Wednesday, December 21, 2016

Isle of WHO??

Most people aren't familiar with this little island off the coast of England in the Irish Sea.  People have been living there since 6500 BC.  That's quite a long time ago.  Originally part of Norway(??), it was ruled by Scotland and occasionally England.  Today, it is an internally self-governing Crown dependency.  One of these days I should visit.

My grandfather and his relatives came from the Eastern side and lived in Ramsey, Maughold and Ballaugh towards the West coast.  As you can tell, my interpretation of the spelling from my book was not totally correct.  I rather like the "Calf of Man" at the very Southern tip and of course Chicken Rock.
My relatives (whoever they were) that researched this project could only go back as far as John Steffen or maybe it's Stephen to the early 1700's.  His wife's name is not listed in any of the parish records.   His first born son John, lived in Ballaugh and married Catherine Craine.  John, Catherine and their baby son John (see? there are three Johns there) died within two months of each other.  Cholera is my guess.  Their only other child, a daughter also named Catherine, then just five years old, inherited everything.

Unfortunately, the guardian appointed to handle the estate for the five year old, sold it all and ran off with the money.  Ten years later, he was arrested, taken to court and ordered to make good any losses to the Estate, which of course never happened.  I guess there have been scoundrels since forever.

This is the Isle of Man flag ... weird, right?  I've always known of the three legged running man ... it was embroidered on every handkerchief in our house.  There was no such thing as Kleenex, you used a hankie!!  A "pressed" hankie that I ran through the mangle iron.
The crest shows the crown of England and birds of the countryside.  Their motto ... and I have no idea where THIS came from ...    is "whichever way you throw it, it stands".  
There were many children along the way who died in infancy.  I guess that's why they all had so many.  The late 1700's were known for sickness and disease.  Cholera, scarlet fever, distemper, chin cough and stitch (whatever that was).  I have found two children who died in accidents on the beach, I assume of drowning.  How sad.

My great great grandparent's brother Bill Crellin died in Ceylon while in the Army and his brother Thomas died in a shooting accident on the farm.  Occupations are listed from Landowner to Ag Laborer, with a servant or two thrown in for good measure.  In those families that had success in life, all of their children were listed as Scholars in the census.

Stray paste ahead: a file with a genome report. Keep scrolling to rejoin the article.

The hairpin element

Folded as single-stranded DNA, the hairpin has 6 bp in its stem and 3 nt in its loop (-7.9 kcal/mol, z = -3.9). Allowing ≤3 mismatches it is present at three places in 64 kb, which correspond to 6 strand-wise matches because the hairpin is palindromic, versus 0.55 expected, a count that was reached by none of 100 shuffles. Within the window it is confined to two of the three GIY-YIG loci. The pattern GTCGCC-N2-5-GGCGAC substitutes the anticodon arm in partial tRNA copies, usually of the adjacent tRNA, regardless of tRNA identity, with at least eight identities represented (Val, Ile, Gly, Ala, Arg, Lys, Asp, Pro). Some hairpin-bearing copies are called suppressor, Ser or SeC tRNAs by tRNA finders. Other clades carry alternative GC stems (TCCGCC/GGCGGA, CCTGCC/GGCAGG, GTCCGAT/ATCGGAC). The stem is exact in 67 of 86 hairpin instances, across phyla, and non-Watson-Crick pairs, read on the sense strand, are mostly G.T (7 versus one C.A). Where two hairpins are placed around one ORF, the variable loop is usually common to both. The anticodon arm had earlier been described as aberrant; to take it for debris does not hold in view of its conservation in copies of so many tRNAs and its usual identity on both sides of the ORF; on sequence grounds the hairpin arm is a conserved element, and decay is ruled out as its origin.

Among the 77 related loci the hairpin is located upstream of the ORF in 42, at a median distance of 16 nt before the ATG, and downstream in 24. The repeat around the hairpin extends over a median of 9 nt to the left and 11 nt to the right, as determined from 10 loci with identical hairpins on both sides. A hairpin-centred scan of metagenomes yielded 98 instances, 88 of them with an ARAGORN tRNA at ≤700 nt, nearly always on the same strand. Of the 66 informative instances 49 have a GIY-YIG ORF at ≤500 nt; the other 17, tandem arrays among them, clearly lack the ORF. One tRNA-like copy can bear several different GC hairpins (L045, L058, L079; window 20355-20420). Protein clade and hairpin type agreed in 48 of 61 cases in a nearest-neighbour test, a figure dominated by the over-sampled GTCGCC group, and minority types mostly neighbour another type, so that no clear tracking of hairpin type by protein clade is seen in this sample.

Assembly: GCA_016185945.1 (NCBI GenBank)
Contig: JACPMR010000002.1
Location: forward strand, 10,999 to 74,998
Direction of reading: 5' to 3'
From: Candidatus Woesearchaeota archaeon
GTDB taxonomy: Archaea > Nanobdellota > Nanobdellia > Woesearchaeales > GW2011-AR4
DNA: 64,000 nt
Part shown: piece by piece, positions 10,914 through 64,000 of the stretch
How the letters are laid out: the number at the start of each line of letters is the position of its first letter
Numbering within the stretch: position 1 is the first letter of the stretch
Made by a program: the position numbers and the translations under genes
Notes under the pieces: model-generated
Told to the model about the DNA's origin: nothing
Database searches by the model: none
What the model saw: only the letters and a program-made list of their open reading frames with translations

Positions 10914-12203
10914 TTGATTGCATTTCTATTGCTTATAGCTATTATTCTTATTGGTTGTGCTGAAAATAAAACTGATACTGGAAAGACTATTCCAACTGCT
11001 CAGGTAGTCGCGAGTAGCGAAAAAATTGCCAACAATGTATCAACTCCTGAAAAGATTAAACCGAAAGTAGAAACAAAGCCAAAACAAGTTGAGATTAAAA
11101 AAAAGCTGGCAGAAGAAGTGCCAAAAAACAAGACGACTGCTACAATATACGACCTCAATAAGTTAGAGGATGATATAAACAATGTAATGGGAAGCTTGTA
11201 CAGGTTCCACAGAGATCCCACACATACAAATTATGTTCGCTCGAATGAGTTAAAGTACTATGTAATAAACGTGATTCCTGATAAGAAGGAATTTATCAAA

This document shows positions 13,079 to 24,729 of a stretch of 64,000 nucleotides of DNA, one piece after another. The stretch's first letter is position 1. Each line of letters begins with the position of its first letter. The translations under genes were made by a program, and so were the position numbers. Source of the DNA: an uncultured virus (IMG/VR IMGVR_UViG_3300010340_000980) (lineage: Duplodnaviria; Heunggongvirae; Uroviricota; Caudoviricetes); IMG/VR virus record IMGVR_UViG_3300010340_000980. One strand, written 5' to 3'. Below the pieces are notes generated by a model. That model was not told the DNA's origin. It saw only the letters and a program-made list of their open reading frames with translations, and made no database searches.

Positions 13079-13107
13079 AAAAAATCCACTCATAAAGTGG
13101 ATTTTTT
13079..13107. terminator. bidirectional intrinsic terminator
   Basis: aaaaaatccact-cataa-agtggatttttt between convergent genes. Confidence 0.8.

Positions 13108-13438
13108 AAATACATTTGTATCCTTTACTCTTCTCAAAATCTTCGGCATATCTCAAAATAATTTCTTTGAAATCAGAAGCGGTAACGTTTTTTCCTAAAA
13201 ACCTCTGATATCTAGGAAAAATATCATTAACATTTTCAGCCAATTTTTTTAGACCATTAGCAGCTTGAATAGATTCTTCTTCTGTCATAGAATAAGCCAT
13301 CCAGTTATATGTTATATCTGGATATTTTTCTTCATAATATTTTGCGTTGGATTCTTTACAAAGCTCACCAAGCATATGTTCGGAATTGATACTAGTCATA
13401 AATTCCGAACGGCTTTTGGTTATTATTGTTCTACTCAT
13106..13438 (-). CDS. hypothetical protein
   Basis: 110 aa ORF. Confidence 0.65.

There were a couple of wine merchants, contractors, a tailor or two and even a grocer.  Later on, the War took it's toll on many family members.  All of the able men fought in both Wars, many never to return.   

One of my more interesting collections, salvaged literally from the garbage can where they had been discarded, is a packet of letters sent during the war, between family members and their sons, with sections blacked out.  I'm going to pull those out and see whose name is on them.

I never had any idea just how much information was out there on the internet.  All, or at least most of those parish records from the churches and census records from the late 1700's are all available on-line, unlike in the old days when my relations traveled to the Isle and went through the records page by page.  You just have to be careful with names and pay particular attention to dates.  In my family, there are probably 20 Isabellas, Johns and Janes, with many having the same last name.  

I took a big load off my shoulders yesterday by completing all that accounting work in one fell swoop.  Six solid hours of sitting at a computer inputting information.  It wouldn't have taken quite so long, but she had upgraded everything on her computer ... making it difficult for me to figure out the new programs, not to mention the missing bank statements.

At any rate, I'm done for the year (except for MY accounting).  Like the mechanic who never works on his own car, I have a hard time doing MY year end work.   For now, it's time to sit back and enjoy Christmas week with my puppies.


  1. How about I take your mister kissack and mister stephen back to 1682 -84
    Check your mail

    1. SO MUCH INFORMATION!!! Good heavens, it will take me years to get through everything you have found.

  2. On the coat of arms the bird on the right-hand side it's either a crow, Cornish crow or raven
    If it was a Cornish crow it would have a gold Oak leaf
    If it was a raven it would have a red Oak leaf
    Your case it has neither so will just assume that it's a raven
    If a raven is seen on a coat of arms the meaning is ,,,, Divine in battle- strong in friendship
    The bird on the left is a hawk: or a falcon:
    It's meaning on a coat of arms is. : one who does not rest until they’ve achieved their objective
    The background color is red its meaning is. warrior or martyr; military strength and magnanimity
    I think the crown at the top could mean just about anything mostly allegiance to a particular king or ruler at the time

    1. I always wondered what all that stuff on coat of arms meant. I think the crown represents England, as they were beholding to the Queen of England.

  3. Putting Ilse of man in perspective in regards to size,, its 221 mi.² with a population of 85,000
    Next time you go to Tucson go up on top of the big T mountain look north south east and west as far as you could see that how big the isles of man is,,
    in comparison Tucson Arizona is 227 mi.² with a population of 980,000
    I'm betting the 85,000 has a better laid-back outlook with less commuter stress

    1. It's pretty small, but so was the population. It's pretty much a farming community. I haven't been to the top of T mountain ..... yet!!